In the last FoxShow, I noted how everything in Visual FoxPro is about extensibility. This illustrates the point further. Want to mess around with a wizard? This way you can do it interactively.

Calvin Hsia's WebLog : Run the wizards modelessly

Universal Thread Conference Coverage - Southwest Fox 2005

Craig's first posts from Thursday are a riot:

"This is my first face-to-face run in with Rick. He exudes confidence and a certain amount of energy which makes me think... should I challenge him to a coding duel, or should I join forces with him so we can try and take over the world?"

Looking forward to the rest of the posts....

Universal Thread Conference Coverage - Southwest Fox 2005

The last 5 minutes...

Interesting post - How well do you manage the last five minutes of a customer's experience?
Church of the Customer Blog: The last 5 minutes

Southwest Fox - Day One Plan

Looks like Kevin Ragsdale is right into blogging Southwest.

What's the wifi situation there? Will be getting live blog posts during the keynote?
Southwest Fox - Day One Plan

FoxShow Interview with Toni Feltman

So the Southwest conference has begun and I'm not there - but I did manage to slide in a last FoxShow interview with speaker Toni Feltman.

It was a fun interview because Toni teaches database design at the university of Toledo as well so she sees both beginners and advanced users and the types of mistakes they make.

She also lets us in on what's in the toolbox for F1 Technologies and the new release of Visual FoxExpress.

Check it out.

Thursday, October 13, 2005


Sheesh - the things that just seem to slip through....

Someone on the ProFox list was asking why his VFP objects created with
SCATTER NAME didn't have an AddProperty method.

For example, if you do USE HOME(2)+"DATA\CUSTOMER"

The object is essentially an Empty object and has no methods or events.
Which means you can't add new properties to it, right?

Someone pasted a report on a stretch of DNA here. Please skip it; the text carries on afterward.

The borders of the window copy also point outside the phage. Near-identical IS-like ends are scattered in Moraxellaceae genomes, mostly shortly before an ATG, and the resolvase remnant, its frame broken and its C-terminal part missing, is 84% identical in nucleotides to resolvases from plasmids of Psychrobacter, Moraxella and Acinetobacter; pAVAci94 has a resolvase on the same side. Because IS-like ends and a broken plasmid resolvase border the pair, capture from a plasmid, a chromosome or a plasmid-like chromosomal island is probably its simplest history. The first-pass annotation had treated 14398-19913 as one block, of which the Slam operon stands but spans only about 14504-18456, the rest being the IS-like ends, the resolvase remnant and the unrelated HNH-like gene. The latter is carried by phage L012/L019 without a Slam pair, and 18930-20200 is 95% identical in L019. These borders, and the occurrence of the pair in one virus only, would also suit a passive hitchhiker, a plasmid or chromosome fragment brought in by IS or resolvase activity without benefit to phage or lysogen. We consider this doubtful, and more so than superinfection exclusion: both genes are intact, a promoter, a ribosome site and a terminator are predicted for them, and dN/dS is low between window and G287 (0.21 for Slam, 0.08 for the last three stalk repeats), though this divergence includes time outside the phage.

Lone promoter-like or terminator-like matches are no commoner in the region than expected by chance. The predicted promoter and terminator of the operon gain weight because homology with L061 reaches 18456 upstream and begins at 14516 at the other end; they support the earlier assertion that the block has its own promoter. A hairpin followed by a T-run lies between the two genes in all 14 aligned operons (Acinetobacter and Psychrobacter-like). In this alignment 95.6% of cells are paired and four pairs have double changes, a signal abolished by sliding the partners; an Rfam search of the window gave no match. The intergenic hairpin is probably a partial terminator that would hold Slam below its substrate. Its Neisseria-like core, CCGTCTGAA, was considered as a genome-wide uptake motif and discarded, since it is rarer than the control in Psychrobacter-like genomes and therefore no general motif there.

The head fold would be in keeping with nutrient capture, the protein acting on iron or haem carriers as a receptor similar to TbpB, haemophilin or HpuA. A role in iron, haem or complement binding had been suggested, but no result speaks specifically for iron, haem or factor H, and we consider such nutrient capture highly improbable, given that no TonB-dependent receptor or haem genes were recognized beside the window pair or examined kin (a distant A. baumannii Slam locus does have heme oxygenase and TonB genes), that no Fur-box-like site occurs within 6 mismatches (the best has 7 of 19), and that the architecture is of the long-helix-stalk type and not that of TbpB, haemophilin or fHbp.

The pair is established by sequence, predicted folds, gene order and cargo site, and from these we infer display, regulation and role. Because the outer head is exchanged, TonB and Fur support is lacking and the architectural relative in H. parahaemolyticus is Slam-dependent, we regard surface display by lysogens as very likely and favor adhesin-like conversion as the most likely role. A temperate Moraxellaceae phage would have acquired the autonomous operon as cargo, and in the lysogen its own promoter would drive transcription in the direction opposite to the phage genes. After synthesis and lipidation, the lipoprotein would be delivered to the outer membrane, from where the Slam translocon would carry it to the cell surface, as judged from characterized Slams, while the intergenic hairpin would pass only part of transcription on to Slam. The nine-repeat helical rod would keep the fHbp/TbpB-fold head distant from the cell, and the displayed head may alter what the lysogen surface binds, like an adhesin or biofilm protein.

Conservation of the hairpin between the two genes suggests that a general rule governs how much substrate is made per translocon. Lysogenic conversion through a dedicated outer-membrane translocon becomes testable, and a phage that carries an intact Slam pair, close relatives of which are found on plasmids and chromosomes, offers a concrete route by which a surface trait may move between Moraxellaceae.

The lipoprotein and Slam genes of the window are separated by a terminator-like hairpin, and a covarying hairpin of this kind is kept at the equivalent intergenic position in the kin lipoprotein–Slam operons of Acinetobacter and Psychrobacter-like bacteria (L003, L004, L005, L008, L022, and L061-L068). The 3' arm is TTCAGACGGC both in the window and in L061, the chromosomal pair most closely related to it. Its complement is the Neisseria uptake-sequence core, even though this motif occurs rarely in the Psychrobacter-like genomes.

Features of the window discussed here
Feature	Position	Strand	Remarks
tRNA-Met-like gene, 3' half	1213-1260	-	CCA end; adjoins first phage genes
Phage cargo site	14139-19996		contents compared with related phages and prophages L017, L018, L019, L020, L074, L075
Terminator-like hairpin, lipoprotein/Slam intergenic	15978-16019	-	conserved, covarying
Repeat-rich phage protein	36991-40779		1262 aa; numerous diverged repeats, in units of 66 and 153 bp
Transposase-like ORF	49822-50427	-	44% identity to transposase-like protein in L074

Not in VFP 9. (uh correction, not in VFP 8 either - thanks Colin for noting it) Kevin Cully of noted the
AddProperty function that lets you add properties to objects that don't have
the AddProperty method.

=AddProperty(loCustomer, 'NewProperty', .T.)

Very handy as I use SCATTER NAME in lots of different places. Thanks for the
tip, Kevin!

Tuesday, October 11, 2005

What's New in Visual FoxExpress

Mike, Toni and the team at F1 have put out Visual FoxExpress 2005 - smart naming idea , especially seeing that no one really knows what VFP 9 + Sedna will be called.

Looks like a lot of new features are available - first and foremost a multi-user DBCX explorer and an improved App Builder interface.

I'm hoping to hook up with Toni for an interview right before Southwest Fox for the FoxShow so I'll be sure to ask her about it.

Monday, October 10, 2005

R.I.P. WYSIWYG - Results-Oriented UI Coming (Jakob Nielsen's Alertbox)

Saw this on ProFox (thanks AGAIN , Malcolm)

It's interesting that Neilsen jumps over the new "results-oriented user interface", as noted by Office 12's interface. His big statement: "We know from user testing that users often demand that other user interfaces work like Office"

It will be interesting to see how this plays out - but keep the key poitns in mind from the new Office 12 interface - it's still all about the document-centric vision.

What do I mean by that? The O/S used to be application-centric - that is you choose the application to do the job you need done. Windows (and the web for that matter) has always tried to be more
document-centric - you work in a document and choose the right tools to do the job.

This new results-centric approach says you choose the tools based on the results you want and it's the job of the interface to make it easier to show what the results are - in short, you don't have to deduce or figure out what the tools mean, the interface should make it plainly obvious to you.

MS has been doing this for a few years now -still it's very telling that Jakob Neilsen is noting the big change in Office 12 as the telling signpost for the next generation user interface.